again i appologize for the long post and going on and on ..

    what's a good technique for waxing ?.. should i let it haze up 3-5 minutes before buffing out or just run it out wet ..

    what rags should i use for application and rubbing out ? i read many places to use microfibre towel because they won't scratch like a cotton rag will ..but in the ^^^ article he says to use cotton rags ?? what sayy ye ?

    i have a breathable tyvec suit .. saftey glasses ... respirator gloves .. .

    he ^^ made his mold 12 layers thick .. i read else where alot of different suggestions for thickness the guy at the fiberglass supplier said only 3 layers to 4.5 oz total .. though i don't know that he understands that i am serious and intend to make a real production mold to pull hundreds of parts from ..
    what's a good thickness and what benifets be got from a nice thick 12 layer mold ? strength .. straighness .. longevity?

    there are 5+ ways it seems to do everything .. and that's why i'm asking advice from the pros before i get in deep and rough ..

    what is he missing .. or doing wrong .. or can be improved upon in from the feller is doing in step by step ..

    also i made up a catalyst chart for my use while working so i wouldn't have to stop and make out figures .. pleas confirm my calculations are appropriate ..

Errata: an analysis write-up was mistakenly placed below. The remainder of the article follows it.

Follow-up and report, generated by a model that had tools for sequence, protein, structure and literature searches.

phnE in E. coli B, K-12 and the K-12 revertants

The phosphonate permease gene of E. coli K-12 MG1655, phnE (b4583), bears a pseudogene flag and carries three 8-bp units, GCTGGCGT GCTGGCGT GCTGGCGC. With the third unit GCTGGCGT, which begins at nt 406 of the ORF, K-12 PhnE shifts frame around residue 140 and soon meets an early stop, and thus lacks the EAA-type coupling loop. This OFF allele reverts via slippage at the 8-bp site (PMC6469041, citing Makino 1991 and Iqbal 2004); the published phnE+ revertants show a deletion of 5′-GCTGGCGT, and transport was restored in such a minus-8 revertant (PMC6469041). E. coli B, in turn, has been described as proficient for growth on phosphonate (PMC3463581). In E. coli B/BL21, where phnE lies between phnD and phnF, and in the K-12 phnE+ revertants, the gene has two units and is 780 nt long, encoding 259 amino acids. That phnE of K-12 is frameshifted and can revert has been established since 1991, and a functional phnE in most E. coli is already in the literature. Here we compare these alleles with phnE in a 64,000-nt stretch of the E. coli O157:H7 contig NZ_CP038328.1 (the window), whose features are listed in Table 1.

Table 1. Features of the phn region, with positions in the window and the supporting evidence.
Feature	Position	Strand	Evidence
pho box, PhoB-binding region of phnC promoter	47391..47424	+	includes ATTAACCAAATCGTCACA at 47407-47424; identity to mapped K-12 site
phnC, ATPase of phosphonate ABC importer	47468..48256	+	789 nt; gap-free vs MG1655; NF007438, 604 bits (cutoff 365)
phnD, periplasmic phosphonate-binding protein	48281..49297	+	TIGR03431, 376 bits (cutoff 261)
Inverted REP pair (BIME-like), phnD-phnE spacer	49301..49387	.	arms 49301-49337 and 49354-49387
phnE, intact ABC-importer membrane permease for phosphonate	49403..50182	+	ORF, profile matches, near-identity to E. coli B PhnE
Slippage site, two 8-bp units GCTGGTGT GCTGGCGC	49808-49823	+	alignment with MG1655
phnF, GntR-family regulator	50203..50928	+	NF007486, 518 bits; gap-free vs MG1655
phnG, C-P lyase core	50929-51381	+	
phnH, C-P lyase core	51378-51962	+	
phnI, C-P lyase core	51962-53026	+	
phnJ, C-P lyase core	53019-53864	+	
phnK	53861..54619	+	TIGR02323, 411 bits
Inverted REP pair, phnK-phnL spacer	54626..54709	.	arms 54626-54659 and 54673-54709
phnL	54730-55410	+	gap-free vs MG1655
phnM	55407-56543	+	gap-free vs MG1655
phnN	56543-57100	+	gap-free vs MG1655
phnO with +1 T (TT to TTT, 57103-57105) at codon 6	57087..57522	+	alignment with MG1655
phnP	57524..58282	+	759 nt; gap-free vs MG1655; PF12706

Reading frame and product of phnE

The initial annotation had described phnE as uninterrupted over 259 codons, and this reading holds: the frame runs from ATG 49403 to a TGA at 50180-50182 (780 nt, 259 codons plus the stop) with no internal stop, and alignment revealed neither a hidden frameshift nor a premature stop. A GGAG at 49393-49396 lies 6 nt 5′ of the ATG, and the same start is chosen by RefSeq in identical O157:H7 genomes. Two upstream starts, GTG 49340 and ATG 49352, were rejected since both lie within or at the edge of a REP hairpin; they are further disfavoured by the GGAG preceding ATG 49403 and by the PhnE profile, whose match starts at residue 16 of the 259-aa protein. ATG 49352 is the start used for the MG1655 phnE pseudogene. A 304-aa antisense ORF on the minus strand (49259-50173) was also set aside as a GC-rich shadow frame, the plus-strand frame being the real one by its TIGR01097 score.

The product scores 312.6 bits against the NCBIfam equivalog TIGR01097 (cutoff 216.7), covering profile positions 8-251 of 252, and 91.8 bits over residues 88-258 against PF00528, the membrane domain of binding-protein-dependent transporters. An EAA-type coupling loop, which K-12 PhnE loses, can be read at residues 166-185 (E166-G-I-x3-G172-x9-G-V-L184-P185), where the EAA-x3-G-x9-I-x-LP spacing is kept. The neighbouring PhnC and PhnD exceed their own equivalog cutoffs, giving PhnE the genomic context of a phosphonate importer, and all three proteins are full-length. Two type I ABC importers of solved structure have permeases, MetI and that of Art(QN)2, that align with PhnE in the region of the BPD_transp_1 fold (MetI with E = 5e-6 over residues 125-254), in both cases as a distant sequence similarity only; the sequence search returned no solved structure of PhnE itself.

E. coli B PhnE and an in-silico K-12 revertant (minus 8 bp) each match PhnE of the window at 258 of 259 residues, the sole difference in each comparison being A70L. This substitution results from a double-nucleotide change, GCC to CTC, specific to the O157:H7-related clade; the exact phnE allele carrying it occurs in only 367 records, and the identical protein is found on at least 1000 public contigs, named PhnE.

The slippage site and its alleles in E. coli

i understand standard mekp ratio for tool gel / resin is 1.5 percent .. correct ?

    i found a resource that says 4 oz resin (9.2lb) gets 1/16 oz cat ..
    so .. 1oz being 28.35g that would get .443g for a weightout of 28.79g on my mini scale correct?

    i extrapolated this out for each ounce out to 12 for easy measuring ..

    so 9oz resin or gelcoat on the scale should read 255.15 then i weigh up to 259.137 for a catalyst of 3.99g

    sorry again for going ON and ON .. this is probably the longest post in history ..

    but the real quest is getting inside of the chest .. unsheathen your weapons to find gold coins n gleaming jewels ..

    if your not tired of reading my question s maybe you can help me plunder my booty by answering me this riddle ..

    the composite saler gave me some resin .. i think it's tooling resin but i don't know for sure .. the brand is polynt and it is 970g353c-qm pirogue green / material# 924071 ..

    i don't know what this is any ideas ? it says "contains: DIETHYLENE GLYCOL, TITANIUM DIOXIDE" is that some hint as to it's purpose? maybe a blended poly resin or whatnot ?? i suppose it still kicks with mekp .. and i may have to call and ask them because i can't find any literature on it at all ..

    if this stuff is some nice fancy tooling resin .. can i use it for the first layup and the next 2 or 3 layers .. then switch to the bondo resin to finish ? are most resins like this compatable ? would doing so be detrimental or defeat the purpose of using tooling resin ? reason i ask is that it's a 2.032 lb pail and i'm thinking it won't do all my plugs if i make them nice and thick ..


    thank you for reading me long tale ..
    please show me the map that i can quest fer the treasure ... rrr
     
  7. SamSam
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    SamSam Senior Member

    A lot of this stuff has been covered here before. Scroll down to the bottom of the page to "Similar Threads" and you'll find links to other threads. On each link there will be more links at the bottom of the page.
     
  8. freddyj
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    freddyj Senior Member

    I've done exactly what you're doing, many times. Built many plugs, molds, for motorcycle and auto parts. I coat the plugs with auto wax and leave it on fairly thick, then lay the glass over it and use an airhose to seperate them when cured. Then the same thing to build the part.